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Laxmii Film Evaluate: There’s Hardly One Humorous Line to Decide, Keep Away


Cast: Akshay Kumar, Kiara Advani, Rajesh Sharma, Ayesha Raza Mishra

Director: Raghava Lawrence

Laxmii was earlier titled Laxmmi Bomb, but the title offended so many sensibilities that the makers decided to change the name (while retaining their numerological superstitions). They should have changed a lot more if they cared to avoid offending our senses.

This is the kind of film where critics urge you to leave your brains at home, but how do you do that when it’s a direct to digital release and you are forced to watch it from home where you have a hundred better things to do than when you’re confined in a multiplex where your time is exclusively devoted to Akshay Kumar laughing to the bank? The opening credits song looks like a tribute to Rohit Shetty’s Golmaal tracks, and it’s a clever move to set expectations low right at the start. I mention it because it looks like the only thought that has gone into this project.

The film is not centred around a plot but around debatable comic abilities of Akshay Kumar counting on them to score at the box-office once again. Akshay is possessed by not just one but three ghosts, and manages to fail at all of them. Transgender Laxmii and her two hanger ons possess the body of Akshay to exact revenge on some villains who are so forgettable they should be forgiven if proverbs are to be respected. Asif played by Akshay and Rashmi played by a half-hearted Kiara Advani go to visit Rashmi’s parents after a three year long estrangement caused by the Hindu-Muslim marriage where the nearby ghosts inhabit the body of Akshay who acts them out in ghastly stereotypes.

Kiara looks like she’s auditioning for a part she has already bagged and doesn’t prove her worth apart from her athletic dancing in the force fitted song ‘Burj Khalifa’. Rajesh Sharma and Ayesha Raza Mishra as Kiara’s parents are the best actors of the lot even though they’re doing their worst.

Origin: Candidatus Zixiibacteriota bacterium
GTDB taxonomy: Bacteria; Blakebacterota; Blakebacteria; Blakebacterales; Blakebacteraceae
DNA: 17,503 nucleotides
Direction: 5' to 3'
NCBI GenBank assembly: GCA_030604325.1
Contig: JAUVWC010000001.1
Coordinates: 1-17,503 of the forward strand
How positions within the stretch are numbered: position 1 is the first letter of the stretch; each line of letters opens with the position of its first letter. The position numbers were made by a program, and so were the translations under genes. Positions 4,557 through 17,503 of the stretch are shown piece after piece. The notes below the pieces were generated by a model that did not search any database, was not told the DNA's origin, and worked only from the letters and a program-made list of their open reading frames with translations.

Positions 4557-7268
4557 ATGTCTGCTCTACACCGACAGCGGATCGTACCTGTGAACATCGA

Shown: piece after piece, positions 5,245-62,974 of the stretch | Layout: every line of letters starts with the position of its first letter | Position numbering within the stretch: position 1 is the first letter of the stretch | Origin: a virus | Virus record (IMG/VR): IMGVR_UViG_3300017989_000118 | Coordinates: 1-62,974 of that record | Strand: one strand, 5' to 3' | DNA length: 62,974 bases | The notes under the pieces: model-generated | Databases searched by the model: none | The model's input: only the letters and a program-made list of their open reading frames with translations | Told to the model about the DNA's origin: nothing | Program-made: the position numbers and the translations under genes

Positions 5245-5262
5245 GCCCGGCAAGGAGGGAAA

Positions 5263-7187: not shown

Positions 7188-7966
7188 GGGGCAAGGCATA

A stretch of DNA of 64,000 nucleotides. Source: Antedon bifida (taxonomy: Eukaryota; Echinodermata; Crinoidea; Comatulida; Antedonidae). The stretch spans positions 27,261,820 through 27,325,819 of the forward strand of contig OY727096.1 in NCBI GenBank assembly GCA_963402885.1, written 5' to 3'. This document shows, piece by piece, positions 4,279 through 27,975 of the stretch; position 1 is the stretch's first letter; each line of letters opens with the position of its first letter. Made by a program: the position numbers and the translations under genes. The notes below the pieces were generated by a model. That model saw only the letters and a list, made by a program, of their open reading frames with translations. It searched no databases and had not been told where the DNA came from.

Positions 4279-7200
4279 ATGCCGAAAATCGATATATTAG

There are some lazy attempts at promoting communal harmony but the laziest attempt is to empower transgenders. The graveyard that Laxmii inhabits is numbered six as a nod to the term chakka, and Akshay is forced to eat his patriarchal threat to wear bangles. However, the film tries to make you believe that Akshay Kumar playing a transgender automatically empowers them but when he’s doing it like a parody you fail to understand how it gives transgenders agency.

If you’re not the kind to care much about political correctness and would rather be appeased by silly comedy, this film is still not for you because one can hardly pick out a funny line even when one is trying to be kind this festive season. There is a crass scene where the daughter-in-law slaps the mother-in-law multiple times which is tailormade to play to the gallery and you’re glad to be away from the theatres where you would invariably hear a couple of annoying laughs. This Diwali let good sense trump over bad, don’t let this Laxmii enter your homes.

Rating: 1/5

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